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Untold Arizona: Two Guns Ghost Town Marks End Of An Era

A dilapidated cave, some chicken wire and a hand painted sign announcing "Mountain Lions" are a few of the relics that remain of Two Guns today. Route 66 aficionado Sean Evans and I decide to explore the sight on a recent chilly morning.

A lot of legend surrounds Two Guns so it's difficult to know fact from fiction. As one story goes in 1878 a group of Apache warriors attacked a Navajo encampment and murdered almost everyone there. The Apache then hid in a cave with their horses. A couple Navajo scouts found them but knew they were outnumbered. So they built a fire at the mouth of the cave suffocating the Apaches inside. Today it's known as the Apache Death Cave.

Evans read from  a brochure printed in the 1960s.

"'Relive the revenge the crafty Navajo found upon his hated enemy,'" Evans said. "That just seems like we're reading a lot into this."

During Route 66's heyday, families drove cross country on the "Mother Road" and took in a variety of roadside attractions from the world's largest covered wagon in Illinois to a rattlesnake den in Oklahoma. In Arizona many stopped halfway between Flagstaff and Winslow at a spooky ghost town called Two Guns.

It was a time when staying the night at the Wigwam Motel or taking a picture with a concrete dinosaur was all part of the fun. You could drive from Chicago to Los Angeles on one road and the price of gas was less than the speed limit.

In the 1920s Earl and Louise Cundiff saw opportunity on the Mother Road and opened up a trading post in Two Guns.

They were soon followed by Harry Miller, who called himself "Indian Miller." He convinced the Cundiffs to let him build a zoo on the property.

"And so we have pictures of Indian Miller in front of the zoo, who is (was not) Native," Evans said.

In the black and white picture Miller wears long braids beneath a floppy cowboy hat and he's clutching a porcupine to his chest.

"He kept in these two front cages coyotes on chains," Evans said. "And so when people were buying gas if they didn't look like they would hang around, he would shake the chains and the coyotes would howl, so that would draw people over."

If you squint you can imagine caged Gila monsters, and mountain lions where crumbling stacks of rock wall remain. Miller also fixed up the Apache Death Cave -- built a bridge, added some skulls and strung up lights.

"Given the story of the caves and given the condition — you go first but leave me your keys," Evans said.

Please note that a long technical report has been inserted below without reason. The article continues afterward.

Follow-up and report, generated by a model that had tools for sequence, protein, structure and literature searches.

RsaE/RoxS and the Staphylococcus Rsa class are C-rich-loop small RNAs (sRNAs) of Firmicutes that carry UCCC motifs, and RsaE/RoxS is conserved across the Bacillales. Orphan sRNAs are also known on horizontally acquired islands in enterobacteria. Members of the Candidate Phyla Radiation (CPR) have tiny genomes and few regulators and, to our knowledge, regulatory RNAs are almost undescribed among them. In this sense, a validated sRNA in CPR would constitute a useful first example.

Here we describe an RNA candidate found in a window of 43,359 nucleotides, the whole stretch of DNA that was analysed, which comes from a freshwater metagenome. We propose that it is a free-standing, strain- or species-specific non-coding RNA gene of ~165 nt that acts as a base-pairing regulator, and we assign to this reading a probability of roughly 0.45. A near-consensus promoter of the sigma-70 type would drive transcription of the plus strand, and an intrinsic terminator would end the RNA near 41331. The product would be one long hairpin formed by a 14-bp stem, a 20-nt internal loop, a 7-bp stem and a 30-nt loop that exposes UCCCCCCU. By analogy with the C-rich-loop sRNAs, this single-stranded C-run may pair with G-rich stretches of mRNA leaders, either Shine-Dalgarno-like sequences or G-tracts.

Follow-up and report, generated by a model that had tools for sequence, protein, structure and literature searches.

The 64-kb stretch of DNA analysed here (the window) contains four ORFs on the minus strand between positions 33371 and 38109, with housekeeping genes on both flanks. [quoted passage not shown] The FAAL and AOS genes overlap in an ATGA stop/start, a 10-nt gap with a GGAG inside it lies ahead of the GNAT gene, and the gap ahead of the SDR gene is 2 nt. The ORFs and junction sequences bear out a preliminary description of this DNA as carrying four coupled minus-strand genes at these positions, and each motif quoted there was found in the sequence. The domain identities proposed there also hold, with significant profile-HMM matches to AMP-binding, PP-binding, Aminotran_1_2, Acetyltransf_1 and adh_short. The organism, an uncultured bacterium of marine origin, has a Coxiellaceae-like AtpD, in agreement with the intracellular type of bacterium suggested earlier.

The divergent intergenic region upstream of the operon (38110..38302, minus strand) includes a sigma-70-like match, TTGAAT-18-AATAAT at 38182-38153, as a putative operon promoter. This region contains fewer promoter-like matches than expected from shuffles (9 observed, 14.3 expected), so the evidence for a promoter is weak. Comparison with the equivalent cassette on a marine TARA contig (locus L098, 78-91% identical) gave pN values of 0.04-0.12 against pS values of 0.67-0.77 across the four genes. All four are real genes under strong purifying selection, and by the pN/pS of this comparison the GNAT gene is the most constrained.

The cave isn't the only thing that makes Two Guns spooky. In 1926 Earl Cundiff had had it with Harry Miller.

"Cundiff had a temper," Evans said. "That day Harry Miller had to go pick up someone at Canyon Diablo Station. He went in to get dressed. And when he got in there, there was Cundiff with a gun."

Miller didn't hesitate. He snatched his own gun from the dresser and shot and killed Cundiff first.

Miller was acquitted at trial but suffered in other ways. He was attacked by a mountain lion on two separate occasions. And Two Guns also suffered. Route 66 was rerouted to the opposite side of the canyon.

Then in the early seventies the wider faster interstate replaced the "Mother Road," as Route 66 business owner Mirna Delgadillo recounts.

"Once the bypass came through, it was just very, very hard to make a living," Delgadillo said. "And there were many people who had to close down their businesses because they could no longer make a living."

Families have replaced road trips west with flights to Disneyland and the Wizarding World of Harry Potter. In Two Guns today, we find fresh footprints in the snow, graffiti, a boarded up window and a door, where someone has spray painted the words "smoke meth."

Evans says this is probably his last trip.

"It doesn't feel like this will be here very much longer," Evans said.

Gone are the days of kitschy rubber tomahawks and worry stones, the simpler times when a folktale about a mysterious cave could make a family trip memorable.

Laurel Morales was a Fronteras Desk reporter in Flagstaff from 2011 to 2020.